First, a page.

The group reaches the Everstorm, which is brewing over a destroyed forest similar to the one in the North. Unalaq tells her that she has to go in alone to fix the portal. The boys protest against it, insisting that they go where she goes, but Korra assures them that she’ll be okay. She goes in and is immediately attacked by dark spirits. She holds them off in time to make it to the portal, but her very Korra-like way of trying to punch the portal until it breaks just makes them madder and attracts more to her. They get a hold of her, but she trips the Avatar State and works to break free. After a struggle, she manages to reach far enough to tap on the portal, which breaks up the Everstorm and restores the Southern Lights to their proper place. Tonraq looks on proudly as he makes his way back to the village.
While all of this is going on, Tenzin and his family make it to the Southern Air Temple, where Aang was born. The Air Acolytes shower Tenzin and Pema with praise and gifts for bringing in the next generation of airbenders, but don’t seem to realize the fact that Aang had two other kids that weren’t airbenders. This seems to steam the two older kids, and I wonder if it’s going to foster any sort of resentment in the later episodes.
Tenzin takes his children into the temple and while Meelo and Ikki are being themselves, Jinora seems to be having a spiritual encounter of her own. She senses something in the statue room with her while looking on at her grandfather’s statue, and later that night, something wakes and leads her to a statue of an Avatar she’s never seen before. The moment Korra touches the portal, the statue lights up and Jinora is entranced. From the previews for this season and these moments in the premiere, it seems that Jinora has a bigger role this season. This excites me because Jinora is my favorite of the Tenzin’s children and these spiritual connections are probably essential in her becoming an airbending master like her father and grandfather before her.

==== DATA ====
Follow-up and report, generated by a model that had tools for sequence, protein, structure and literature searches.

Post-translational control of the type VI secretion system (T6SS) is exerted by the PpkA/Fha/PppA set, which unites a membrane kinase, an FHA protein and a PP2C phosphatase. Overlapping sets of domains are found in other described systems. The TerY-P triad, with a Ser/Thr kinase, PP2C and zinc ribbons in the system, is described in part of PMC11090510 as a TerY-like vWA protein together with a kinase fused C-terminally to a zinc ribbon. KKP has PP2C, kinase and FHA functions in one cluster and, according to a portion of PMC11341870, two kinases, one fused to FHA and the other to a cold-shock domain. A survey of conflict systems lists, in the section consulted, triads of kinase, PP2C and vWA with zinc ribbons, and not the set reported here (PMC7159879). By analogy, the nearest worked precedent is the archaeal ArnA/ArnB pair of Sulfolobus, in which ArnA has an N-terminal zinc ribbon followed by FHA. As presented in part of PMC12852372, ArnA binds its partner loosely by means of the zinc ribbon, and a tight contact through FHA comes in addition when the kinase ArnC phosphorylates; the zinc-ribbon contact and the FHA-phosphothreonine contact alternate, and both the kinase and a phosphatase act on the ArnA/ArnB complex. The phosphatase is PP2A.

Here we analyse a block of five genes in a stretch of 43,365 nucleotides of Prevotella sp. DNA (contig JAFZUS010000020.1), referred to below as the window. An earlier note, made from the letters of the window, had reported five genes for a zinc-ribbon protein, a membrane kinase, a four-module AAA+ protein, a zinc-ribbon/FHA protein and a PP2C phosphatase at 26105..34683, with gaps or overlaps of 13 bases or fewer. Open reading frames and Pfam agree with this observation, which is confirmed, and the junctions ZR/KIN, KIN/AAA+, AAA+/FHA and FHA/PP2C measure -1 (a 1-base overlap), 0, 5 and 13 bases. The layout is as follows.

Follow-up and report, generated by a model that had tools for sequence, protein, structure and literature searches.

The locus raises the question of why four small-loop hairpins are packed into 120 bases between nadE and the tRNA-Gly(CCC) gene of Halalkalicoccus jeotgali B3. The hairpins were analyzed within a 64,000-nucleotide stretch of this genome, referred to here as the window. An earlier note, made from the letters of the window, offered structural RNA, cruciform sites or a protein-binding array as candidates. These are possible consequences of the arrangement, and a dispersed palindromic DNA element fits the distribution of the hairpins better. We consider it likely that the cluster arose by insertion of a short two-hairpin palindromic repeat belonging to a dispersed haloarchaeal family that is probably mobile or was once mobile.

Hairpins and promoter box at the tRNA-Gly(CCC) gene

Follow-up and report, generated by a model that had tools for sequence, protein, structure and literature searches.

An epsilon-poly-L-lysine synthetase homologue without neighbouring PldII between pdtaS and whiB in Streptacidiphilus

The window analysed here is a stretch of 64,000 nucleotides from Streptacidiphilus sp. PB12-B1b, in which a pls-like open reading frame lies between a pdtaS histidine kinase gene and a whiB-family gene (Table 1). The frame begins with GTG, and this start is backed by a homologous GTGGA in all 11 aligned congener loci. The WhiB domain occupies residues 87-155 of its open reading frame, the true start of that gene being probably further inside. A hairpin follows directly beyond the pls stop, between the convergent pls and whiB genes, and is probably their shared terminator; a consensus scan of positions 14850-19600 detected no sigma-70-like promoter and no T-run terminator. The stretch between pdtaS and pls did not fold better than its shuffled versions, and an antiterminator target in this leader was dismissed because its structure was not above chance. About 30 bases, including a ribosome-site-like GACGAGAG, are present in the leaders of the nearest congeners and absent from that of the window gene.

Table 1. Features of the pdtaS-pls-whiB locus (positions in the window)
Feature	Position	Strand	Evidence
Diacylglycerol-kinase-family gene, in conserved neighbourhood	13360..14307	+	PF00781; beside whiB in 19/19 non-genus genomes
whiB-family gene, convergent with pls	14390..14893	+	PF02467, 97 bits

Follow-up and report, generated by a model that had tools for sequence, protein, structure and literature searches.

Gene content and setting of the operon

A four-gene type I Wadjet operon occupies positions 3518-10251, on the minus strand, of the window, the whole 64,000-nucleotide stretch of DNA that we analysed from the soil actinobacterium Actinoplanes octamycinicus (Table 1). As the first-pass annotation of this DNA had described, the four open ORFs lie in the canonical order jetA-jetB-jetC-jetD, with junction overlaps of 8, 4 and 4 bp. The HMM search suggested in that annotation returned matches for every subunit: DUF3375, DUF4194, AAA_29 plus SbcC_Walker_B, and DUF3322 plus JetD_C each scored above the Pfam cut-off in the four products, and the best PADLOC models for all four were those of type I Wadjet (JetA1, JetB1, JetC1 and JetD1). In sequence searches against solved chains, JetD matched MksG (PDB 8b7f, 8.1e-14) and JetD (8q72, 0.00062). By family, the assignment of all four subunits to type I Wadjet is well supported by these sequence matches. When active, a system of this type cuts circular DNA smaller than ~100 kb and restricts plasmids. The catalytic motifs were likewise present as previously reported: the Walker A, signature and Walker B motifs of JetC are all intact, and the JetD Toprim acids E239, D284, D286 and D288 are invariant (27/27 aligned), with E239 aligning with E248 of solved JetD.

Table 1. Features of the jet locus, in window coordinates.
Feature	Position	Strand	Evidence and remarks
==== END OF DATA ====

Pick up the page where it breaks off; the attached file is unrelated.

Back in the South, Korra makes her way out of the woods, makes up with Mako yet again, and travels back to the village with the remaining group. However, as the sun rises, Korra looks out to see the Northern Water troops making their way into the Southern village. She asks Unalaq what’s going on, and he says something cryptic about needing to restore balance to the Southern Water Tribe by other methods.
And that’s where the episode ends.
There’s a term in the Southern United States that is often used to describe the Civil War. That term is “The War of Northern Aggression.” Now, I don’t particularly like using that term because the South was being pretty terrible during the Civil War, but I seriously do think Unalaq is trying to actually start a War of Northern Aggression.
‘Rebel Spirit’ and ‘The Southern Lights’ are a pretty solid start to Book Two of The Legend of Korra. The animation is beautiful in this book and it does a good job of introducing the Spirit World issue that’s going to be a part of this season. Plus, with the cliffhanger of a Water Tribe civil war, it seems that we might be back to the classic travel stories from the original Avatar: The Last Airbender series. However, I worry that it could easily just be a rehash of the Equalist battles from last season. Plus, with the introduction of Eska and Varrick and the constant sniping between Korra and Mako, I worry that we might lose focus onto romance yet again. And as much as I enjoy Bolin being Andy Dwyer, I hope he gets some actual character development this season.
And don’t leave Asami in the dust!